a) Proportion of hyper-methylation vs. hypo-methylation among age-associated CpGs (p < 5 x 10− 8) by genomic region, stratified by sex. b) Log2 odds ratio using the median unbiased estimate and the mid-p exact 95% confidence interval were used to compare women to men by genomic region in aggregate table format. All Fisher exact tests comparing the proportiontion of hyper-methylation (vs. hypo-methylation) within individual categories to "all regions" were significant among either men or women with all p < 4.5 x 10− 8. For Fisher exact tests comparing the proportion of hyper-methylation (vs. hypomethlylation) between men and women within each category, only shore and open sea where significant with p = 0.0001 and 0.0342, respectively

Fig. 4
figure4

Proportion of CpGs residing in genomic regions defined by CpG density. All but the red bar represents age-associated CpGs. Fisher exact tests comparing enrichment/depletion within individual categories to all categories were significant (p < 2 x 10-11) among men for island, shelf, and open sea regions and among women for all four categories (p = 3.8 x 10-5). Fisher exact tests comparing enrichment/depletion within categories between men and women were significant for island (p = 0.0071) and shore (p = 0.0015) regions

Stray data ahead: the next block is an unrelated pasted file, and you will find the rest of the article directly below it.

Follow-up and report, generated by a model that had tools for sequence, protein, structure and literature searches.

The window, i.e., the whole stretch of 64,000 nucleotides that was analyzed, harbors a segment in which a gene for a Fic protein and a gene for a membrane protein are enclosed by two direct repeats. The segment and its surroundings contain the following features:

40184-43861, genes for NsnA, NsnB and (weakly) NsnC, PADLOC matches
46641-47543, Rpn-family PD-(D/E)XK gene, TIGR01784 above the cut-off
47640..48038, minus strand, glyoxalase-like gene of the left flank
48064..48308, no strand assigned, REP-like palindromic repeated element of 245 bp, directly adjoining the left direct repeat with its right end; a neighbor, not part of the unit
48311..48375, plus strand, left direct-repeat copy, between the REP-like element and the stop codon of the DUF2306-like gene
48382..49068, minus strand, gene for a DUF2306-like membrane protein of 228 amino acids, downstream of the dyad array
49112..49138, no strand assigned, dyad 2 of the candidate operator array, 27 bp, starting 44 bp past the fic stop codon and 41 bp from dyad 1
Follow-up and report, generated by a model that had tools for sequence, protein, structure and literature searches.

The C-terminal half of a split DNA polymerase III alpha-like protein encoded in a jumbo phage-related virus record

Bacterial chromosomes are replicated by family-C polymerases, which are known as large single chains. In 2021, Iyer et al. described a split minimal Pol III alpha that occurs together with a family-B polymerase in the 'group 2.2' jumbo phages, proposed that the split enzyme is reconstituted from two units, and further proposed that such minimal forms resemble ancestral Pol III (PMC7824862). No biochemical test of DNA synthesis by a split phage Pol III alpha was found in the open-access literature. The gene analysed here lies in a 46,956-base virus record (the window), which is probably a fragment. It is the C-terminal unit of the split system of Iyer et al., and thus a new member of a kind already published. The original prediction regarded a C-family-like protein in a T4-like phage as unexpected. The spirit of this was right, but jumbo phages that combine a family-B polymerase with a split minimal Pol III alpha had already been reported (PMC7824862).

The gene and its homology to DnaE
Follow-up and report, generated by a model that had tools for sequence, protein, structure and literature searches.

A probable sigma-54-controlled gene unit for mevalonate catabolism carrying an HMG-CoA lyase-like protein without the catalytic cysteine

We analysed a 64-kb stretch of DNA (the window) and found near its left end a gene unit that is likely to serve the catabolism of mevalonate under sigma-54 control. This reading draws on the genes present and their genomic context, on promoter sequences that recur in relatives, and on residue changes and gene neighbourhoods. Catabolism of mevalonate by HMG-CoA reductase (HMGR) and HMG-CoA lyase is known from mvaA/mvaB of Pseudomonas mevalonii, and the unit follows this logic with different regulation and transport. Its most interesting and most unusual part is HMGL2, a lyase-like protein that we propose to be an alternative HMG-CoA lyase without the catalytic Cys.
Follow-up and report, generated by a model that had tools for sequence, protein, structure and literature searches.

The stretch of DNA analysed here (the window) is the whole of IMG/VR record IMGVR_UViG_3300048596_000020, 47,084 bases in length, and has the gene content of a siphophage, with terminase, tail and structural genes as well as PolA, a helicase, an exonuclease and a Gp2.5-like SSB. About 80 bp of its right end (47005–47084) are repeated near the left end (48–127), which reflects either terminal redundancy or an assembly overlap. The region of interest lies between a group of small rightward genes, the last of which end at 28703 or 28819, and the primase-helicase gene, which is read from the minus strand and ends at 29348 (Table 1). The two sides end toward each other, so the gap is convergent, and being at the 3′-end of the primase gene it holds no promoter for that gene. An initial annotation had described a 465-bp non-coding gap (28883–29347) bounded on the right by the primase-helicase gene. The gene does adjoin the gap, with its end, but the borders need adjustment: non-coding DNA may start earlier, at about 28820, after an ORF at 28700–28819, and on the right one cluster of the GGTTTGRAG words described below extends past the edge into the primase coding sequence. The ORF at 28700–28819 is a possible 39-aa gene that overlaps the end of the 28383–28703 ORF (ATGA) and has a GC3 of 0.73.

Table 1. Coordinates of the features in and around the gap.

Characterization the top CpG sites for each sex in relationship to gene location